Making learning fun and instilling a love of learning in our children

Three decades into life I still absolutely love learning. I love history, learning languages, studying cultures, religions, and plotting to learn piano. I’m forever curious. I’ve been this way for as long as I can remember so I don’t know if that’s just my makeup or if it can be taught.–But I want that for my kids. I want them to feast on knowledge and enjoy studying new things and I’m thankful for tools and techniques that help make developing the love of learning easier.

I may be overthinking some parenting decisions but this is one effort I think is worth it.


Learning about the world around us is so important and making it enjoyable for my kids is something I’m passionate about, which is why I partnered with Fisher-Price on this post. All opinions are my own.

Teach programming and coding to young kids using the Fisher-Price code-a-pillar


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Linda says:

Never second guess yourself, we give our kids what they need. This looks like its really interactive, I think I will add it to my homeschool curriculum.
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Mari says:

Great share, I think sometimes parents do over think things a bit. My perspective is I was supportive and their when my daughter needed me but education is individual I did my time her time was her own journey. I provided the tools she put in the work. We helped each other stay sane. I read to her while she was in my belly and played music through headphones. She had her own library from birth but all the extra programs etc…that wasn’t me. She was in gifted programs since kindergarten and went on to specialized H.S. I want to think it was a combination of several things not just one. Kids need to be kids and play even that is learning time. Finding a happy balance I say 🙂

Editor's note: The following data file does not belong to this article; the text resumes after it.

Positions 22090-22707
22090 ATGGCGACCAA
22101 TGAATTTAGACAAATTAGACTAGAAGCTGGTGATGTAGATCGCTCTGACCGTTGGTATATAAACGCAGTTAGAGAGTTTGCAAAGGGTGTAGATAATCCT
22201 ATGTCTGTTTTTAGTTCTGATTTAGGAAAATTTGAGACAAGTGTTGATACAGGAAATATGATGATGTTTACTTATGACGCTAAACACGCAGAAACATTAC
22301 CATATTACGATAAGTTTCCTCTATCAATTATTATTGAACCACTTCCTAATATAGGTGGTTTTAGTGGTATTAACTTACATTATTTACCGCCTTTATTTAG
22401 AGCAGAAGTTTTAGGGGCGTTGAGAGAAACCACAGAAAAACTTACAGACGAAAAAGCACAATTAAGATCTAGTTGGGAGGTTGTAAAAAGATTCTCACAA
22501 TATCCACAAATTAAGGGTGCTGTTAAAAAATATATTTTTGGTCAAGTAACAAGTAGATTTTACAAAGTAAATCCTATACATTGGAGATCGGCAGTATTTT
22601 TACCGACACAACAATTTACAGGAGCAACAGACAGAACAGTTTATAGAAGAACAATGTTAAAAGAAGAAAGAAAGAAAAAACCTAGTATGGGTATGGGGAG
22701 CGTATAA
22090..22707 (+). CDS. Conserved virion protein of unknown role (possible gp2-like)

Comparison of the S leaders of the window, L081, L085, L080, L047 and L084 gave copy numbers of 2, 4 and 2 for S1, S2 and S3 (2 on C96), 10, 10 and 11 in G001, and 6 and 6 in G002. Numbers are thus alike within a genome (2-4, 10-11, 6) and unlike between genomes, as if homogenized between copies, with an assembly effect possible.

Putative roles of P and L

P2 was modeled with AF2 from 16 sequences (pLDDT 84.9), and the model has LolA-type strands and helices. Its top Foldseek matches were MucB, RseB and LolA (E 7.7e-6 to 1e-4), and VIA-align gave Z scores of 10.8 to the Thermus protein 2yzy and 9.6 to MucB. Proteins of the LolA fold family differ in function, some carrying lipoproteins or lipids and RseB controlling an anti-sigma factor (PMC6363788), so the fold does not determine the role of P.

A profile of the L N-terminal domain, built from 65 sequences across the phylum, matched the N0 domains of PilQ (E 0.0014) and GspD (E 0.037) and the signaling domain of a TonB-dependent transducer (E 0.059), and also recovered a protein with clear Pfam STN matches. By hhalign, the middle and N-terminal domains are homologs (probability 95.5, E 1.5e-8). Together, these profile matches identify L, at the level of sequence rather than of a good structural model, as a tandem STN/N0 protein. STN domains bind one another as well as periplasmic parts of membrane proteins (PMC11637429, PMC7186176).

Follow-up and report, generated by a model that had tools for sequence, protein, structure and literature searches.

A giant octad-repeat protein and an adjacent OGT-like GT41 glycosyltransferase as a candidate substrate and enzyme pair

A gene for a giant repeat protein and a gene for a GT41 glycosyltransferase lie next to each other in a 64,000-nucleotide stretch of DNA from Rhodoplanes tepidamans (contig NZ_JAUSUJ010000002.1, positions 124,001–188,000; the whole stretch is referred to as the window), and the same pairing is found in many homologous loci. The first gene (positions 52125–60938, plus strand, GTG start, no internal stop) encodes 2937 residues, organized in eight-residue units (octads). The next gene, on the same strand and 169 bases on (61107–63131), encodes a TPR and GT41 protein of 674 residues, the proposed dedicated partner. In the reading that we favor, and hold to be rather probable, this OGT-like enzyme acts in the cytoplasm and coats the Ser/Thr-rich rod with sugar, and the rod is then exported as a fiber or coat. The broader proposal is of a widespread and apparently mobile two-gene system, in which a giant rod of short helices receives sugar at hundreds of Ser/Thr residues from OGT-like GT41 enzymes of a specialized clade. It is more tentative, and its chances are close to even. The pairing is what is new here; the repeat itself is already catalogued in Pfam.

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Baby Making Mama says:

You are so right Mari! I KNOW I overthink things. I want to make sure I’m giving her the education she needs but she’s a kid, and I don’t want to put unnecessary pressure on her to be someone she’s not. Thanks for helping keep me in check 🙂

Lisa J Jones says:

This is adorable kids seem to love to p[lay with it and there learning at the same time. Wish i had when my kids were little ones.

Baby Making Mama says:

I know! I’m so jealous of all the fun our kids get to have. They’re so spoiled.

Brianne says:

I’m so curious to hear about your journey with homeschooling. I think my girls would love this code a pillar! Thanks for sharing!

Baby Making Mama says:

I think your girls would love it too! And homeschooling has been an interesting adventure so far, but we’ve beginning to get the hang of it! I love it. I feel like you would too Ms. Travel!